Leila Sales, assistant editor at Penguin Young Readers Group , writes about The Ol’ Dead Dad Syndrome in Publishers Weekly.
It is not believable that so many kids are missing one, if not both parents. Slews of them! Hundreds! To quote Oscar Wilde, sort of: “To lose one parent may be regarded as a misfortune; to lose a parent in nearly every children’s book looks like lazy writing.”
I agree with two of her reasons for calling it lazy writing: “First, a dead parent is one fewer character to have to write.” and Second, there’s the instant sympathy factor.. Where we diverge is on Leila’s third point: “Third, grownups are boring.” although she does suggest later that authors could try to “Write parents who actually have something to contribute to the story, who aren’t just a barrier between the kids and fun.”
I don’t think grown-ups are intrinsically boring but they do get in the way in children’s fiction. I think the reason so many authors write them out is because they want their child and teenager characters to solve their own problems, to find their own answers and face their own fears and the role of a good parent is to help with those things. That said, I have by-and-large not played the Angel of Death to the parents in my fiction because I find it more of a challenge to keep them in the text but leave them unable to intervene. In Waking Dream the death of one parent triggers the action, the other parents are at first unaware of what’s happening, then later aware but unable to influence events, reading their children’s stories through diaries that report their ongoing adventures. In Bad Blood the parents are too caught up in the emotional struggle of the family to identify the supernatural elements, they too must wait and worry when the teenager characters are reported missing.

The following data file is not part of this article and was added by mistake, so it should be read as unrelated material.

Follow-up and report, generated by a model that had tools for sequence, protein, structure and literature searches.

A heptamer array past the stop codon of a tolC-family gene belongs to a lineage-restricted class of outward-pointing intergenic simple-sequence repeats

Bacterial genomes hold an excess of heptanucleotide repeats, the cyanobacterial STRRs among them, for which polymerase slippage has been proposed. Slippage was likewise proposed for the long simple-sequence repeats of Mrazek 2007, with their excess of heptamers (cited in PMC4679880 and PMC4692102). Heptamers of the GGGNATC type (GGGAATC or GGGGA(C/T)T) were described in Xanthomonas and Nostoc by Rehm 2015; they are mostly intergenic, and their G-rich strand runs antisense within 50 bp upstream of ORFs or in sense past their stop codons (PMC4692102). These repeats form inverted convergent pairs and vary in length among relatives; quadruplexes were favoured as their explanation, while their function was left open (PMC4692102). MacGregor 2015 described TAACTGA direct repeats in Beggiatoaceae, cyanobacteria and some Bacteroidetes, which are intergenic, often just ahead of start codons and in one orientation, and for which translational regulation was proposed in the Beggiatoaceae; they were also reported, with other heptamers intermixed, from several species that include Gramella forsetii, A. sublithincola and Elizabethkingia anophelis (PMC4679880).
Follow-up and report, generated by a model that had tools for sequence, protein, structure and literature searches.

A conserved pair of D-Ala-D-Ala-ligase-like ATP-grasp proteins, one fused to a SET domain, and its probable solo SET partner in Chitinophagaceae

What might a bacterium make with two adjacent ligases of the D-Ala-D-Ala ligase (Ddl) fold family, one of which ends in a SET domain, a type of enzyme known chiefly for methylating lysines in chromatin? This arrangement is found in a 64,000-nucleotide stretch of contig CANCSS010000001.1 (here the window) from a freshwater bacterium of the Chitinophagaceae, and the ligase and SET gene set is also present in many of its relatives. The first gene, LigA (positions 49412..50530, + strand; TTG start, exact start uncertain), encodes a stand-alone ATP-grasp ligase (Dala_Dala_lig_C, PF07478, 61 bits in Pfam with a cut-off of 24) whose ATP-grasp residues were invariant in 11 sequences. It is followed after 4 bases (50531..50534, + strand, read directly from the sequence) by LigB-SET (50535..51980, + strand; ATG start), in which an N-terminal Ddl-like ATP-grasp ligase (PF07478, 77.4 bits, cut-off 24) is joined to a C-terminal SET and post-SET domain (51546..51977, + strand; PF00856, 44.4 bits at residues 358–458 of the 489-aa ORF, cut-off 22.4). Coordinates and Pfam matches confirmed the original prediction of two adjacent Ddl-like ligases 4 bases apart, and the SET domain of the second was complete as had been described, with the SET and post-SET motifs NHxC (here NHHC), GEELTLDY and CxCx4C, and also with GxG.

In my forthcoming novel Ghost of a Chance I do admittedly write out two parents. An unknown father is never mentioned and a mother is dead before my heroine knew her. But in neither case were they active, caring and much missed parents. The real parental figure is a grandfather who is hospitalised early in the narrative, keeping him from meddling in my central character’s evolution. Other characters have perfectly functional living parents and have to lie to them to keep them from intervening in the plot.
I really do enjoy the challenge of including parents in children’s books and including them as real people rather than the “clueless or uninvolved” ciphers Leila suggests as a possibility. It’s not a binary choice between parents as all-knowing entities who can solve every problem or hapless and hopeless nonentities. I much prefer them as humans, muddling along between the gutter and the stars. This is one of the reasons I like Margaret Mahy so much. In The Changeover, Catalogue of the Universe and The Tricksters the parents are real people, flawed but trying to do better. Laura’s mother is frantic over the advancing illness of her younger child, Tycho’s parents have given their attention to their charismatic turbulent daughter and pay less attention to their quiet younger son, Harry’s parents are trying to get past a private and personal crisis.
Leila’s piece makes me want to challenge the absenteeism of parents. What if the parents followed you through the hole in the wall? Came along on the quest? Fought the monsters and won – or lost? What effect would that have on the child character, and on the child reader?